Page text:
Second, it will pay taxes, just like the Burke St/Lightview dorm Northeastern built in 2018. Because they are built and run by a private entity they pay taxes. Lightview paid over a million dollars in taxes in 2020. It was confirmed in the public meeting that the same will apply to 840 Columbus. That's bringing a parcel back onto the city tax role that has been missing for decades.

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its a private developer ,american campus communities building 4 bedroom apts ,Lightview 2, they do pay property taxes BUT the rents are close to luxury prices
What the neighborhood wanted was for NU to build dorms in the core of the campus, their IMP had several sites for potential dorms.
buildings on the edges of the campus should be less impactful on the neighbors.
But less costly for the school to have an outside developer build the dorm on land that formerly was public.... so thats where we end up.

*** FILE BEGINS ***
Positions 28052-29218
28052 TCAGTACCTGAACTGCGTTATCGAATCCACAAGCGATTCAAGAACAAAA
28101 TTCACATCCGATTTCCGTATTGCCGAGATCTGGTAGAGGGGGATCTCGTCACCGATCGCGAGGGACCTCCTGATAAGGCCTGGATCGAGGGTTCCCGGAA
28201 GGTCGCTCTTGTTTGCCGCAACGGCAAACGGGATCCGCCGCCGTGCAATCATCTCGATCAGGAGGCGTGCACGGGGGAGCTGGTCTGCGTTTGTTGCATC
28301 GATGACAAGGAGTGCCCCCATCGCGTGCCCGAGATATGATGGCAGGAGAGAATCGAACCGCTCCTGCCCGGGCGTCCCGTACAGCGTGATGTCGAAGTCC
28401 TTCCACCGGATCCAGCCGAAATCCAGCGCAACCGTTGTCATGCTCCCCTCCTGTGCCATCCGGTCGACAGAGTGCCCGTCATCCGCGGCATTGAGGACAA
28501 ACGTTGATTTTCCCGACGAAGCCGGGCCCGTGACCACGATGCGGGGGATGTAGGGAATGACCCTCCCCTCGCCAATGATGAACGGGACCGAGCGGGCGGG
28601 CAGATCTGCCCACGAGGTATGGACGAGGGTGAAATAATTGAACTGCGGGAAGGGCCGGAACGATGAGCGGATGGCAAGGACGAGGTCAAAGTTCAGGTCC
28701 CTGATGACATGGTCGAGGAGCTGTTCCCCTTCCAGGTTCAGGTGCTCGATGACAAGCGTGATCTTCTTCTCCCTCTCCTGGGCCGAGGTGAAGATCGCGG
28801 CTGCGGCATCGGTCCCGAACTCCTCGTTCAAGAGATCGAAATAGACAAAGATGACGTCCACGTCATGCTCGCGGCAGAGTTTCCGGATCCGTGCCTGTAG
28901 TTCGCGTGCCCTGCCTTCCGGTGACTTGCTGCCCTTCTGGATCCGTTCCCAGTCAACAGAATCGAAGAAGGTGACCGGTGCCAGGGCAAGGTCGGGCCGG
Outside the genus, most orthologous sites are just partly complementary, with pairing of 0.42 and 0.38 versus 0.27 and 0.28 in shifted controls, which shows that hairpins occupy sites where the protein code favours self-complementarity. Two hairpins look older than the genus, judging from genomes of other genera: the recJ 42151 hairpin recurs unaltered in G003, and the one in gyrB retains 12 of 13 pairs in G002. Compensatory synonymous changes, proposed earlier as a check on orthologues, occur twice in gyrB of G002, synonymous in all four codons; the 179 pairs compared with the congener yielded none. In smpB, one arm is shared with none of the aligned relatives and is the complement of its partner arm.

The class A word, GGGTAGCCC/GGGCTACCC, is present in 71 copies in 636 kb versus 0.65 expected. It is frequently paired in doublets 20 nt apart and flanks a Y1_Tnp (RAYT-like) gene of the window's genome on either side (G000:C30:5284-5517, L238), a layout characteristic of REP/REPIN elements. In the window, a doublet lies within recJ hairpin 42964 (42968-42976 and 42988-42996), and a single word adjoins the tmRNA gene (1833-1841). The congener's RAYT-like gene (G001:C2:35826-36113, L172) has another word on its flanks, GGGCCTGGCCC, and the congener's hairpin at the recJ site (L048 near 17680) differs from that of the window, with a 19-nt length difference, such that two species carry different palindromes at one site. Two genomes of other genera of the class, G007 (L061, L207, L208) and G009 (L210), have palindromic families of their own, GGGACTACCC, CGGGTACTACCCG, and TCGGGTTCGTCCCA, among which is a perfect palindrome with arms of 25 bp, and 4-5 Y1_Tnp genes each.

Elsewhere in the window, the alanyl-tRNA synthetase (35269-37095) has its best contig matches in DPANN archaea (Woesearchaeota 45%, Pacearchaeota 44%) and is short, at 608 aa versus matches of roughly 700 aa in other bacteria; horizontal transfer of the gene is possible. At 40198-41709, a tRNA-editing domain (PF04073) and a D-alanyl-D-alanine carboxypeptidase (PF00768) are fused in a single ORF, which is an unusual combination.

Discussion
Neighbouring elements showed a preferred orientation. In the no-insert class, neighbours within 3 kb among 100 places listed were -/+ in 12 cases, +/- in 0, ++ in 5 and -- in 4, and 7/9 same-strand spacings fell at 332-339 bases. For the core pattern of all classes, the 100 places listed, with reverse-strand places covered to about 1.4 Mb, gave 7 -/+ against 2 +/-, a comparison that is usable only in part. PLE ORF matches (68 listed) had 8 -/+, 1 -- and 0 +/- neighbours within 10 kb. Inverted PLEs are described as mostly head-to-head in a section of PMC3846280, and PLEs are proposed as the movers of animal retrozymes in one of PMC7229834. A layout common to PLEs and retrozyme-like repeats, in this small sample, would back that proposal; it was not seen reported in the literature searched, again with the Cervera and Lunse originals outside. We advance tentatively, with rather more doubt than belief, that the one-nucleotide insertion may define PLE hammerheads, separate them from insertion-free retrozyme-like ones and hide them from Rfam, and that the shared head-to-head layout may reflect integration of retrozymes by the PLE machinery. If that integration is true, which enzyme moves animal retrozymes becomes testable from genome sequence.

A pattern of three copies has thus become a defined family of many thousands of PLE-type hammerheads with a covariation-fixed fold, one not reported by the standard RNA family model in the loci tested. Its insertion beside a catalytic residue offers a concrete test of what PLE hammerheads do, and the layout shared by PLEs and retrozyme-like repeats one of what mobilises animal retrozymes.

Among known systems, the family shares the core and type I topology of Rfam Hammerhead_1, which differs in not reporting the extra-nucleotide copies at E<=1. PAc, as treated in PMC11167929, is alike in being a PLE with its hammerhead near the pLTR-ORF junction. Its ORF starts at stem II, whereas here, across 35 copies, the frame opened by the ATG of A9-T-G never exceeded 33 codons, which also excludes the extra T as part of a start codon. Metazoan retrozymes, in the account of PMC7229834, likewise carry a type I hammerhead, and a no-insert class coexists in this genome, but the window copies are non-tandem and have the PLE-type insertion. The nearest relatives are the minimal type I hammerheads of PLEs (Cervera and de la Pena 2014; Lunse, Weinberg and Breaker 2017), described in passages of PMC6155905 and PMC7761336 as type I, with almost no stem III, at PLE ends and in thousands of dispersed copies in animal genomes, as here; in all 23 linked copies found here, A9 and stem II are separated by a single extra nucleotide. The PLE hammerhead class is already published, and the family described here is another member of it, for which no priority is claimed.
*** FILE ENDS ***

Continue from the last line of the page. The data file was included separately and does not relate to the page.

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So what do you count as impact? Just height or something else.

Here you either have a Dorm or a classroom/research building. The Dorm does allow more public interaction than the other two.

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The IMP does not have other sites for dorms. The other developments contemplated in the IMP were an academic extension to Ryder Hall (on Ruggles St), a replacement of Cabot athletic center (on Huntington), a new academic building on the North Lot (Fenway), and a renovation of the Gainsborough Garage and Science buildings. All of those are academic buildings and involve building on constrained sites and demo-ing buildings that are still being used. This site is a totally unused parking lot, of course it makes more sense to build there.